Biology: Throughout most of the US, S. noctilio completes one generation per year. Adult emergence occurs throughout July to September—peak emergence occurs during August. Female S. noctilio lay from 25-450 eggs depending upon the size of the female. Unfertilized eggs develop into males, whereas, females are produced from fertilized eggs. Larval stages vary from 6-12 and each stage takes generally 10-11 months. Pupation of mature larvae occurs close to the bark surface, in which adult S. noctilio emerge about 3 weeks after pupation.
The parasitic nematode, Deladenus siricidicola is the key biological control agent used to control sirex woodwasps. D. siricicidicola infects sirex woodwasp larvae, and ultimately sterilizes adult females. The way in which this parasitic nematode attacks sirex woodwasps is quite interesting. There are two morphological forms that D. siricicidicola inhabits—a fungal feeding form and a parasitic form.
The fungal feeding form of D. siricicidicola lives in the pine tree and eats the symbiotic fungus (A. areolatum) injected into the tree by adult a S. noctilio female. During fungal feeding stages, parasitic nematodes reproduce for many generations in the absence of sirex woodwasps.
However, if S. noctilio larvae are detected, the fungal feeding form of the nematode transforms into parasitic Deladenus siricidicola adults. These infective adults inject female S. noctilio with juvenile D. siricicidicola, which migrates into the reproductive organs of the host infecting their eggs. The infected S. noctilio female is not killed by this parasitic process, instead “parasitic castration,” a parasitic strategy that blocks the reproduction of its host, takes place; after parasitic castration takes place, a parasitized female S. noctilio continues through their life cycle, but their eggs contain the larvae of D. siricicidicol—cleverly tricking females to inject the parasitic nematode into host trees instead of their own larvae. Once D. siricicidicola is injected by a female sirex woodwasp host, it returns back into it’s’ “fungal feeding form” until the cycle begins anew.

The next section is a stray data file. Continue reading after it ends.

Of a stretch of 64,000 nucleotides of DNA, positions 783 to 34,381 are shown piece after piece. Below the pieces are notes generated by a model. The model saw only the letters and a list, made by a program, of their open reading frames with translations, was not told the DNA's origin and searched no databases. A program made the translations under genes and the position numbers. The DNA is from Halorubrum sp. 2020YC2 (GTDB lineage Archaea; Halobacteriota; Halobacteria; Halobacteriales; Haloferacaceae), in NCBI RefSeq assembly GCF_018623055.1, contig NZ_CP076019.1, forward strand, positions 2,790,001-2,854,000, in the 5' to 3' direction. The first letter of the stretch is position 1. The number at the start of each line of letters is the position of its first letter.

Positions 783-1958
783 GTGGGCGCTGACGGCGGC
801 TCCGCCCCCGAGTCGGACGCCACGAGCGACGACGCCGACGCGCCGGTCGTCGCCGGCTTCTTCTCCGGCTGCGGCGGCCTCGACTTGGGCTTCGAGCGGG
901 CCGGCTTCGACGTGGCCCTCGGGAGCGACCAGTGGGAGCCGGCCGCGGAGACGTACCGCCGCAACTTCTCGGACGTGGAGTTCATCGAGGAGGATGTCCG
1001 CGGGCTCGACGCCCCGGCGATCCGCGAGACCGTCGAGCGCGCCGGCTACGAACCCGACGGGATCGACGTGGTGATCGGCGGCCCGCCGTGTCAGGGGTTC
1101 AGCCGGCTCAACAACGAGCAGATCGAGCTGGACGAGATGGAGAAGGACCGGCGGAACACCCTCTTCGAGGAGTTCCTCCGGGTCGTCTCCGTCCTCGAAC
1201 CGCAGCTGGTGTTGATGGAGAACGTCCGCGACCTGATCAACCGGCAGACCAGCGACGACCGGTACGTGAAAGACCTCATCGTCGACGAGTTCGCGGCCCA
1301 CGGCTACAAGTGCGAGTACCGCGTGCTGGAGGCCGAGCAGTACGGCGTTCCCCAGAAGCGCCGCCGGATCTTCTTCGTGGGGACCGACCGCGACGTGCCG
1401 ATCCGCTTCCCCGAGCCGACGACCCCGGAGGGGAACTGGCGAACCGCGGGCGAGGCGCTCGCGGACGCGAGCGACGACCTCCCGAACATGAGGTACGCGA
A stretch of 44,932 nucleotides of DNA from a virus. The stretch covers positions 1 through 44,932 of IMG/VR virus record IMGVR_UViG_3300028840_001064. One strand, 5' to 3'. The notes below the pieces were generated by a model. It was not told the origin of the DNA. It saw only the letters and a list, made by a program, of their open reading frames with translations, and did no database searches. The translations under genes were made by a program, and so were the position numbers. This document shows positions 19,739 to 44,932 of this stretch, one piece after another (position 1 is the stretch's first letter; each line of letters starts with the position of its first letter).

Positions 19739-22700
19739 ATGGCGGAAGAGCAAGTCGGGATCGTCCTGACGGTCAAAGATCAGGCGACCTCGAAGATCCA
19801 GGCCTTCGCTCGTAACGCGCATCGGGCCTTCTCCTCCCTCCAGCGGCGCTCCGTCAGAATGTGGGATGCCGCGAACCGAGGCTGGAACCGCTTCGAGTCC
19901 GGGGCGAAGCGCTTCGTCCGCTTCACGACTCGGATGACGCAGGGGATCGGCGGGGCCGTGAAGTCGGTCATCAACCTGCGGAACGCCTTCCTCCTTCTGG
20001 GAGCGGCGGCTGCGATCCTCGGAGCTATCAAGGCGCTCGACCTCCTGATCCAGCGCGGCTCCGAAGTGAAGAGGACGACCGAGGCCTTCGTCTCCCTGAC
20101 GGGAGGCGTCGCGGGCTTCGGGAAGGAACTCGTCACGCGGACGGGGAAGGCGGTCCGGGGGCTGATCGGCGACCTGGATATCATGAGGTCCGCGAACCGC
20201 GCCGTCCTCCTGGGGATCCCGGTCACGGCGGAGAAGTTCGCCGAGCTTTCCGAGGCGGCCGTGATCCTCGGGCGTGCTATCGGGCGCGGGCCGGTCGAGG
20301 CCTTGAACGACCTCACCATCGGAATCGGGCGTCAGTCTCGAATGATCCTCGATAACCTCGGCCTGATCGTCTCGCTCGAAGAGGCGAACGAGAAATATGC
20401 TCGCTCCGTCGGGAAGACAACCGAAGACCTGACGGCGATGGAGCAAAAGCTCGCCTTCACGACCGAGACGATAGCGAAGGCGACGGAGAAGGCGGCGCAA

Fungal feeding form of D. siricicidicola
Title Photo: sirex woodwasp: en.wikipedia.org. Symptoms photos and male/female sirex photo: Dennis A. Haugen & Kent Loeffler, dept. of Plant Pathology Cornell University, (bugwood.org). Larvae photo: Bernard Slippers, FABI University of Pretoria. Biological control photos: E. Erin Morris, (Cornell.edu).
Haugen, Dennis A., and E. Richard Hoebeke. “Pest Alert – Sirex Woodwasp—Sirex Noctilio F. (Hymenoptera: Siricidae).” Pest Alert – Sirex Woodwasp—Sirex Noctilio F. (Hymenoptera: Siricidae). USDA Forest Service, n.d. Web. 10 July 2015. <http://na.fs.fed.us/spfo/pubs/pest_al/sirex_woodwasp/sirex_woodwasp.htm>.
“Sirex Woodwasp Sirex Woodwasp – Sirex Noctilio.” Sirex Woodwasp. New York State Department of Environmental Conservation, 2015. Web. 10 July 2015. <http://www.dec.ny.gov/animals/7248.html>.
*For information on biological control for sirex woodwasp view:
“Nematode Parasite of Sirex.” New Zealand Farm Forestry Association, n.d. Web. 10 July 2015. http://www.nzffa.org.nz/farm-forestry-model/the-essentials/forest-health-pests-and-diseases/Pests/Sirex-noctilio/Deladenus-Ent48
Elizabeth Erin Morris. “Deladenus Siricidicola.” Deladenus Siricidicola. Cornell University, n.d. Web. 15 July 2015. <http://www.biocontrol.entomology.cornell.edu/pathogens/Deladenus.php>.
Gartner, Steve. “Sirex Wasp Eradication – CSIROpedia – CSIROpedia.” Sirex Wasp Eradication – CSIROpedia – CSIROpedia. N.p., 5 Sept. 2014. Web. 10 July 2015. <http://www.csiropedia.csiro.au/display/CSIROpedia/Sirex+wasp+eradication>.
*If you think you have found sirex woodwasp, take a photo and email it to the Forest Health team or call (866) 640-0652. Keep the insect in a container in your freezer in case it is sirex woodwasp. It will need to be confirmed by a lab.